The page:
Next, consider the business case of wanting to configure an forum system. The code below introduces actions. Actions are created by the application programmer and supplied to the engine. The engine takes the outcomes (as described in the first example), and searches for actions with the same names as those outcomes, and calls the “execute” method on those actions (they all implement the IAction interface). This functionality is useful when a system must be capable of predefined things, but the choice of what to do needs to be highly configurable and independent of deployment.
In the code above, the actions are passed to the engine when we call the “executeAllActions” method. In this case, both actions are executed, because the setup object causes both rules to evaluate to true. Note that the actions are executed in the order of highest priority rule first. Each action is only ever executed once – it’s name is noted after execution and it will not be executed again, until the engines “execute*Action*” method is called again. Also, if you only want the action associated with the best outcome to be executed, call the “executeBestAction” method instead of “executeAllActions”.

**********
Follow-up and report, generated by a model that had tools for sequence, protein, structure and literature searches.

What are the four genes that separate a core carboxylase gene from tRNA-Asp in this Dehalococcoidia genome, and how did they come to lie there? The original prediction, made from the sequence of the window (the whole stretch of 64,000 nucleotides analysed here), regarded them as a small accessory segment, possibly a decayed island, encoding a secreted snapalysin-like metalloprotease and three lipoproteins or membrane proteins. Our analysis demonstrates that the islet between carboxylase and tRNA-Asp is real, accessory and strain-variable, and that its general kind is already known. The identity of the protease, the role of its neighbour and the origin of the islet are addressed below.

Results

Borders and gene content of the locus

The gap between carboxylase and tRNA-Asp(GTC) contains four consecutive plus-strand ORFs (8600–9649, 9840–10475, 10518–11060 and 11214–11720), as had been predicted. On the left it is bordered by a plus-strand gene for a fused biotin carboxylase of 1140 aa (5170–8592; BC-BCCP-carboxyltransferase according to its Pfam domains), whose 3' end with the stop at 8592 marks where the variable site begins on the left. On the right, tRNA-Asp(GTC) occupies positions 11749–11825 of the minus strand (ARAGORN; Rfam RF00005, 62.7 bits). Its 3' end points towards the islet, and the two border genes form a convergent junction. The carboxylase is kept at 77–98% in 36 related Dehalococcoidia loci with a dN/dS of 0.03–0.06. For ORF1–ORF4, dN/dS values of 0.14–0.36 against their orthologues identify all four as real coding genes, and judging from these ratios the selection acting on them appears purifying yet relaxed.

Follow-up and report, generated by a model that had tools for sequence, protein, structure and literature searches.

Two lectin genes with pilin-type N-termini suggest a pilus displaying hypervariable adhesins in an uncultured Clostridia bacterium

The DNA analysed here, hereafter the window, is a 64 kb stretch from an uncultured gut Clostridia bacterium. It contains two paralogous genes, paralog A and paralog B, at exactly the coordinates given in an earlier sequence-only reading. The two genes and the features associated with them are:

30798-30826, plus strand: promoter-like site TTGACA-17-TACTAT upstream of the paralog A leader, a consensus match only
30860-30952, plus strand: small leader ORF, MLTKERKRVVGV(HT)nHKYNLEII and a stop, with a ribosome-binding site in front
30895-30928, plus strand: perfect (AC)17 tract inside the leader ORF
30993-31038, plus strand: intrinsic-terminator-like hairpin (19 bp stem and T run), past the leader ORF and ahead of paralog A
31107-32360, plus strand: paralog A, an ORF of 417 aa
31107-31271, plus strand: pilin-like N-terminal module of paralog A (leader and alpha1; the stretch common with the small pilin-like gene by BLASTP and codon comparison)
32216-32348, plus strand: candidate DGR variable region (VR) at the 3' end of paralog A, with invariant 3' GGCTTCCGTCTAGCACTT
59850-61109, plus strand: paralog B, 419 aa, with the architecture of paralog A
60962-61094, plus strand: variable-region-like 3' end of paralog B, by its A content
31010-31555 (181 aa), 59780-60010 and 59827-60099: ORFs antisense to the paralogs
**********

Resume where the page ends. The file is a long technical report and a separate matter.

Finally, let’s consider the classroom example.
The outcome above is “leaveEarly”, because the classroom contains one student whose age is less than 10. MVEL let’s you write some pretty comprehensive expressions, and is really a programming language in it’s own right. The engine simply requires a rule to return true, if the rule is to be considered a candidate for firing.
There are more examples in the JUnit tests contained in the source code.
So, the requirements are fulfiled, except for “It should be possible to store rules in a database”. While this library doesn’t support reading and writing rules to / from a database, rules are String based. So it wouldn’t be hard to create some JDBC or JPA code which reads rules out of a database and populates Rule objects and passes them to the Engine. I haven’t added this to the library, because normally these things as well as the management of rules is something quite project specific. And because my library will never be as cool or popular as Drools, I’m not sure it would be worth my while to add such functionality.
I’ve put the rule engine into an OSGi library with the LGPL licence and it can be downloaded from maven/github. This library depends on MVEL, which can be downloaded here (I used version 2.0.19). If you like it, let me know!
© 2011, Ant Kutschera